(Baraboo, Wis.) A Ho-Chunk dance exhibition will kick off Wisconsin Reads The Round House at 3 p.m. on Wednesday, November 8 in the gymnasium at University of Wisconsin-Baraboo/Sauk County. A National Endowment of the Arts (NEA) Big Read centering around Anishinaabe Louise Erdrich’s novel The Round House, Baraboo events will also center around her youth novel The Birchbark House. A program of the National Endowment for the Arts, in partnership with Minneapolis-based Arts Midwest, the NEA Big Read is meant to broaden understanding of the world and our communities through the sharing of a good book.
The Round House follows the thoughts and actions of Joe Coutts, a young Native American boy, as he seeks to avenge the brutal rape of his mother, Geraldine. The sexual assault of Geraldine takes place on tribal land, which complicates the investigation/prosecution of the non-native offender. Joe’s father, Basil, is a tribal judge who feels helpless at his lack of ability to help his wife; the novel delves into the convoluted laws and jurisdictions that make it difficult for legal authorities to prosecute crimes that occur on Indian reservations. The Birchbark House is a coming of age story that focuses primarily on a girl named Omakayas, but in the process also describes the encroachment of white culture on an Ojibwe village on the Island of the Golden Woodpecker, present day Madeline Island in Lake Superior.
In addition to the Ho-Chunk dance exhibition, local sponsors of Wisconsin Reads The Round House have also scheduled a potluck and informational fair about the Big Read on Monday, February 19 at the Ho-Chunk House of Wellness to introduce the simultaneous Saturday book discussions and activities for adults and children taking place in March and April. Oneida poet Roberta Hill will give a poetry reading and introduction to The Round House as this year’s Distinguished Lecture Series at UW-Baraboo/Sauk County on Thursday, March 8 from 12:30 – 2 p.m.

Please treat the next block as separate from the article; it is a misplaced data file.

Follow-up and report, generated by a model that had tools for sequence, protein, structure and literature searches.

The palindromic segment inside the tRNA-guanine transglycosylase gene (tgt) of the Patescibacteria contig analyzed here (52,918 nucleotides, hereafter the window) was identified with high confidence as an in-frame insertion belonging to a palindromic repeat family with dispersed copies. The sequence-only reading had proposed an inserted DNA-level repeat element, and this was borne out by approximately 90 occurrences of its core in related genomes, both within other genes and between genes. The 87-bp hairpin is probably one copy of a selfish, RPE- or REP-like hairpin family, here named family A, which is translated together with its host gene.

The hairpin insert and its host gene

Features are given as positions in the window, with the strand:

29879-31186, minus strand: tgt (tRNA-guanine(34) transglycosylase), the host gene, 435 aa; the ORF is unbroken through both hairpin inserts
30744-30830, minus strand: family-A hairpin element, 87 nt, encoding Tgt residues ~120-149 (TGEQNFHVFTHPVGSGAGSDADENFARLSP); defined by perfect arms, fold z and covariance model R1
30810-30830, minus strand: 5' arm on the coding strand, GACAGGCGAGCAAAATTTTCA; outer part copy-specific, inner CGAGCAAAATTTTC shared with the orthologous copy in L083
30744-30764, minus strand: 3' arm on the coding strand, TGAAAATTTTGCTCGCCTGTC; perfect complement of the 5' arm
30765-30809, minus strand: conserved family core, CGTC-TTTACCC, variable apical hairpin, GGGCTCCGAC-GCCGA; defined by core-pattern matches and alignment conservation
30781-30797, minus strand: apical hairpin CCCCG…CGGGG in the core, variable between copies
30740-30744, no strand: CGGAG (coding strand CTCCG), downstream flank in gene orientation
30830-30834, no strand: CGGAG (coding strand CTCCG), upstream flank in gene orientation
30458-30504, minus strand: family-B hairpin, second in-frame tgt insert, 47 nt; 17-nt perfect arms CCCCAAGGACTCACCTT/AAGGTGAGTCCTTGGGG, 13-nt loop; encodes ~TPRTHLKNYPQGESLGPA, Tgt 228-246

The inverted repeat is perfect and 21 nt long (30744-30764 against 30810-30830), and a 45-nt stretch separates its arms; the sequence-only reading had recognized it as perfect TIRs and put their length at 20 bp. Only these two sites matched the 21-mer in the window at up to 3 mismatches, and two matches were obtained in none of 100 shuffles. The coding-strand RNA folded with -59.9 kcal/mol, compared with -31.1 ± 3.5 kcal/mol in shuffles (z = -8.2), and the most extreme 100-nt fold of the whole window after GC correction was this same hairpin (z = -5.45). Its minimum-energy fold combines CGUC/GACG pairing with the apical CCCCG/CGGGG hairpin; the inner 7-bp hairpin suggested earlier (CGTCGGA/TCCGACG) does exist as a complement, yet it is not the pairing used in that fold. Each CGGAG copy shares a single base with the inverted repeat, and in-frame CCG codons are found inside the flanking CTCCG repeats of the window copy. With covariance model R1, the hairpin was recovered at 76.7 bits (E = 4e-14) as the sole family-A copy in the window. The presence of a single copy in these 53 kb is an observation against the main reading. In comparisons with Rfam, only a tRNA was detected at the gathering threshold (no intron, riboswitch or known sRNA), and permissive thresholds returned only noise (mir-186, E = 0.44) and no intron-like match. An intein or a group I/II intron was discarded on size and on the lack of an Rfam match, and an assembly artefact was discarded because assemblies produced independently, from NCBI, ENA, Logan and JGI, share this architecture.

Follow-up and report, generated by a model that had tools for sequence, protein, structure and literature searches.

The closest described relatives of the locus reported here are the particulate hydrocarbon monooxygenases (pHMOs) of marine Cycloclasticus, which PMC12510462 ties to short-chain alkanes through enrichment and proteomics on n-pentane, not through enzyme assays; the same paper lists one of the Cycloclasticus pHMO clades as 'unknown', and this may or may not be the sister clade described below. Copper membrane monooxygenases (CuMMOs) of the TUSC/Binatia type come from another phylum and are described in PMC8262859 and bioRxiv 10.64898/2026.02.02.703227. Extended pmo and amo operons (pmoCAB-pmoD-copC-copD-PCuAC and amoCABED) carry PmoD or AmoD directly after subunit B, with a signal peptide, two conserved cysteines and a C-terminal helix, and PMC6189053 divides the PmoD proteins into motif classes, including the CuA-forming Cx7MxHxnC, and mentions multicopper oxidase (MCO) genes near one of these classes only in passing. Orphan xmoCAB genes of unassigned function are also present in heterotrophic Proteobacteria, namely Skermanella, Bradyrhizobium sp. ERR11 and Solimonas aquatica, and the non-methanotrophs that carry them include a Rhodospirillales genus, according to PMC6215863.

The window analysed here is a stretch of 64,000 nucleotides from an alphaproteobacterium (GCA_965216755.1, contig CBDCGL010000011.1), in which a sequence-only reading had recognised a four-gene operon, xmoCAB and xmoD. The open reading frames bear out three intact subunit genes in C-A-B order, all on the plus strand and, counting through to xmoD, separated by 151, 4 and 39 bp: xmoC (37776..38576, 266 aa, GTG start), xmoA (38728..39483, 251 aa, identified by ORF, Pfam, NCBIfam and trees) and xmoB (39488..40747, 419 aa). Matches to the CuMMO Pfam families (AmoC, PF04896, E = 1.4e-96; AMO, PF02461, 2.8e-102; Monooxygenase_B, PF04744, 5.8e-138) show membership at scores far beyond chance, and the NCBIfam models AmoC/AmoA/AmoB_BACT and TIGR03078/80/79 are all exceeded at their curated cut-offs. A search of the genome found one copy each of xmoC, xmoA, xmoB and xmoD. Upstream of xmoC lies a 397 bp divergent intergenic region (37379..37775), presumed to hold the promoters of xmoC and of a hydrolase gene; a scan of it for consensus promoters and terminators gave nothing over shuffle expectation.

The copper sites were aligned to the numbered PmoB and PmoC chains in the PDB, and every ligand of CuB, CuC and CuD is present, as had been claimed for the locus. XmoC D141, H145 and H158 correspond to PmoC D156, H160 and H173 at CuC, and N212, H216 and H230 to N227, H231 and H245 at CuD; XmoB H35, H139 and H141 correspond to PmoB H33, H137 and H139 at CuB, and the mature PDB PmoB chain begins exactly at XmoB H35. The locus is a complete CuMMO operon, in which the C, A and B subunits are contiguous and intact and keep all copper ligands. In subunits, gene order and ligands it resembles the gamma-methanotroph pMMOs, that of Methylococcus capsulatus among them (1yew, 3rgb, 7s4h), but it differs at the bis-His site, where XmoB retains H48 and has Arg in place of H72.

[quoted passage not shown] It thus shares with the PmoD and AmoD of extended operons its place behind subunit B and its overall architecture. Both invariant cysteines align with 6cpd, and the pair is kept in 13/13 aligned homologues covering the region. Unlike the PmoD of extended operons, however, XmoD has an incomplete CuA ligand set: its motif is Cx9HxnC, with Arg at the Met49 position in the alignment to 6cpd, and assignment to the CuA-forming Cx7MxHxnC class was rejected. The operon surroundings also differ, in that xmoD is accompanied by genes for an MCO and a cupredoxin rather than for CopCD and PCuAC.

The Wisconsin Reads The Round House project is a collaboration of University of Wisconsin Colleges and Lac Courte Oreilles Ojibwa Community Colleges’ students, faculty, and staff with the objective of bringing communities around the state together to discuss The Round House. Over 70 events will take place across the state in the cities and surrounding areas of Rice Lake, Hayward/LCO, Marshfield, Baraboo, Waukesha and Milwaukee in March and April of 2018 and will include discussions, films, lectures, art exhibits and
story-telling workshops, as well as programs for area youth.
For additional information on the Big Read program and upcoming events, please visit the website at http://wisconsinreads.org; contact UW-Baraboo/Sauk County Associate Academic Librarian Treasa Bane at 608.355.5293 or firstname.lastname@example.org or Wisconsin Reads The Round House Project Director Lee Friederich at email@example.com. Local sponsors of this event include the Ho-Chunk House of Wellness, the Baraboo Public Library and UW-Baraboo/Sauk County. For more information about UW-Baraboo/Sauk County, visit baraboo.uwc.edu.
Ho-Chunk Dancers photo caption: Ho-Chunk dancers Lucas, Levi and Buster Cleveland